Trump backs paper ballot backups for voting systems

President Donald Trump said Tuesday that he supports states moving toward a paper backup ballot: "A lot of states are doing that. And I think that's a great idea."
paper ballot backups
Trump speaks at the Department of Homeland Security on Jan. 25, flanked by Vice President Mike Pence and Secretary John Kelly. (Department of Homeland Security / Flickr)

President Donald Trump said Tuesday that he supports states moving toward voting technology that offers a paper backup ballot.

The public endorsement came during a rare open press conference where Trump welcomed the Prime Minister of Sweden to Washington. The show of support followed a question by a Swedish reporter about whether the White House was concerned about Russian meddling happening once again in the 2018 midterm elections.

“I think you have to be really watching closely. You don’t want your system of votes to be compromised in anyway. And we won’t allow that to happen. We’re doing a very, very deep study and we’re coming out with what I think are some strong suggestions on the [2018] election,” said Trump. “You have to be very vigilant. One of the things we’re learning is that it’s always good, it’s old-fashioned, but it’s always good to have a paper backup system of voting. It’s called paper. Not highly complex computers.”

Trump specifically highlighted the work of the Department of Homeland Security — which last year designated election systems as a critical infrastructure sector — for its continued work dedicated to defending state-controlled election systems.


“A lot of states are doing that. They’re going to a paper backup. And I think that’s a great idea. But we’re studying it very closely, various agencies, including Homeland Security.” Trump said. “We’ll counteract whatever they [Russia] do very strongly.”

Recently lawmakers in Kentucky, Georgia, Pennsylvania and Delaware have taken steps to move toward paper backups for voting machines. But several other states still rely solely on electronic receipts when counting votes, including Louisiana and South Carolina.

While Trump has now publicly backed the idea of taking steps to protect voting booths, the same cannot be said for Congress.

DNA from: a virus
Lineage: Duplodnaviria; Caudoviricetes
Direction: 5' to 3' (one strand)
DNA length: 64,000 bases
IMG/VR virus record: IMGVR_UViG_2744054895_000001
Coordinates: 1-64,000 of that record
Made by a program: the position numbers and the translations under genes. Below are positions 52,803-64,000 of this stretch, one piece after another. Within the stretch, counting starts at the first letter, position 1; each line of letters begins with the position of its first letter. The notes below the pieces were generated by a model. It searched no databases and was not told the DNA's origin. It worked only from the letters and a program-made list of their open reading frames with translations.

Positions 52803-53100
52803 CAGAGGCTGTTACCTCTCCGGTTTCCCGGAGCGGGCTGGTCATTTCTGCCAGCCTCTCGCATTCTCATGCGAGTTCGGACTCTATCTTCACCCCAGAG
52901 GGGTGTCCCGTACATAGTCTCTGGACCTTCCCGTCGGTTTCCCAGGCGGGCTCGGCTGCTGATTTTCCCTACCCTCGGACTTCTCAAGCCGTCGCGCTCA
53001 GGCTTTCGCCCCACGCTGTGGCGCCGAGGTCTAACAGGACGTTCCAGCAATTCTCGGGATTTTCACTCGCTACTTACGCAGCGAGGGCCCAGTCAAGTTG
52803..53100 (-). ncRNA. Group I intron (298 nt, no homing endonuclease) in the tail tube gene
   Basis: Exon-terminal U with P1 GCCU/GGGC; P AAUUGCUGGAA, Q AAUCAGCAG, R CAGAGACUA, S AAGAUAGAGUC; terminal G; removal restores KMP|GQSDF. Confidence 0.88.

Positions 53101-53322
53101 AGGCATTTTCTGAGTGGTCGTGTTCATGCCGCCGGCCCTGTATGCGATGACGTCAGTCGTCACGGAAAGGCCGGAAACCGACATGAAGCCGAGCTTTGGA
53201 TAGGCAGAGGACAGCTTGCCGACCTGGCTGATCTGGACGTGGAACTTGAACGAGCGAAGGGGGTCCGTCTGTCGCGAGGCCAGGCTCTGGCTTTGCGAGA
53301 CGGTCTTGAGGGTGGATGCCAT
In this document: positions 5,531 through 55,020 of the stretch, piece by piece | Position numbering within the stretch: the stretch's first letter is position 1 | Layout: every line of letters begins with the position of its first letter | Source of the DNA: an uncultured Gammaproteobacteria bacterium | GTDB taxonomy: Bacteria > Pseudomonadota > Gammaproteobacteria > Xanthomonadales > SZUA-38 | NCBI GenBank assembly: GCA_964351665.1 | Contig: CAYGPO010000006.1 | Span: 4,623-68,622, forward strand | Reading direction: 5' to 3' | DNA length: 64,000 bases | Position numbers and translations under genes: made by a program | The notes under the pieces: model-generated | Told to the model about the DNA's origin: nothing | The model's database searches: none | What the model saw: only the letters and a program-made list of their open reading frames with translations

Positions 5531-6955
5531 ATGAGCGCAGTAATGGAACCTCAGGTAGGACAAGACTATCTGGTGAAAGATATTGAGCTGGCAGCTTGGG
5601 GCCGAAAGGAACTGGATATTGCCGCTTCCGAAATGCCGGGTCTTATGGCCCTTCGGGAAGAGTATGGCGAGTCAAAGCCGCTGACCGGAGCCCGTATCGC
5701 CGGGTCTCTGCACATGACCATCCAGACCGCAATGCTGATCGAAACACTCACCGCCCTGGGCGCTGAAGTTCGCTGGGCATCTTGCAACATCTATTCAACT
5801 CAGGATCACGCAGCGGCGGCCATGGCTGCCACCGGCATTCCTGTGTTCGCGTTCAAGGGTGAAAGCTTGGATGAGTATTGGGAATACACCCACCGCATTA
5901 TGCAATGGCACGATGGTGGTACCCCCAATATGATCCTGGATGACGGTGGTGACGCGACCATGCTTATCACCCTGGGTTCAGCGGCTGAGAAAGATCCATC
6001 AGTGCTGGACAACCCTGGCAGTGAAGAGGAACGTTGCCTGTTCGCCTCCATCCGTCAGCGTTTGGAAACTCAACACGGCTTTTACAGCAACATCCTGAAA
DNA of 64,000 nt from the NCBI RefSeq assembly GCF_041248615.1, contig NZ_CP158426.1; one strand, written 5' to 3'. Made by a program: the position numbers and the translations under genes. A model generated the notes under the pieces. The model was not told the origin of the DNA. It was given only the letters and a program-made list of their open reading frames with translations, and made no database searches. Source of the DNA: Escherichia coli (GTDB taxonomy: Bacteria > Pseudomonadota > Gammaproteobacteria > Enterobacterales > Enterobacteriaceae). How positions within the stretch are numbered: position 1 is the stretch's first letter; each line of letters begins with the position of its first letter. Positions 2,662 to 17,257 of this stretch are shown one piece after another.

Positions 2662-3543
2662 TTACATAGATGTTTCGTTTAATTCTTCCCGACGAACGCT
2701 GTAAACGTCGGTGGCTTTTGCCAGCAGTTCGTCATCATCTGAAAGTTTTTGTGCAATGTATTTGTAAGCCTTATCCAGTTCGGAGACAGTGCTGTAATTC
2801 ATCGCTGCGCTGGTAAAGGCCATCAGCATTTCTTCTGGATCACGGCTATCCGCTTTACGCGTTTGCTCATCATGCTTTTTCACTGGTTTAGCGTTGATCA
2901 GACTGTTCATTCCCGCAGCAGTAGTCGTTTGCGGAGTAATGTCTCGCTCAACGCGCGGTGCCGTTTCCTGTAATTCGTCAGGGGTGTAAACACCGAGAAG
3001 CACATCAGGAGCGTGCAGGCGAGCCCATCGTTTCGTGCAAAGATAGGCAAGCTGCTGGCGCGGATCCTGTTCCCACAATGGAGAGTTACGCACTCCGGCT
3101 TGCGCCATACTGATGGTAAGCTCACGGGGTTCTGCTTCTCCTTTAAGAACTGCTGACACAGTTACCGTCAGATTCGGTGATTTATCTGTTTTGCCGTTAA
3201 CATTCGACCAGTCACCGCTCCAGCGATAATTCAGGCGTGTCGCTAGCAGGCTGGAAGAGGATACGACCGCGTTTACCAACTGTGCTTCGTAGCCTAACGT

A series of bills intended to provide financial and technical resources to state election coordinators have all stalled out in the legislative process in recent months. Many of these bills cited the threat of foreign influence as a reason for improving cybersecurity as well as coordination between state and federal agencies. On Wednesday, senators will mark up a general DHS reauthorization bill that could include election security measures authored by Sens. Kamala Harris, D-Calif., and James Lankford, R-Okla.

Director of National Intelligence Dan Coats said Tuesday that Russia continues to target America’s election process. He, and other top national security leaders like NSA Director Adm. Michael Rogers and CIA Director Mike Pompeo, have similarly warned that they expect Russia to attempt to influence the upcoming midterms.

Chris Bing

Written by Chris Bing

Christopher J. Bing is a cybersecurity reporter for CyberScoop. He has written about security, technology and policy for the American City Business Journals, DC Inno, International Policy Digest and The Daily Caller. Chris became interested in journalism as a result of growing up in Venezuela and watching the country shift from a democracy to a dictatorship between 1991 and 2009. Chris is an alumnus of St. Marys College of Maryland, a small liberal arts school based in Southern Maryland. He's a fan of Premier League football, authentic Laotian food and his dog, Sam.

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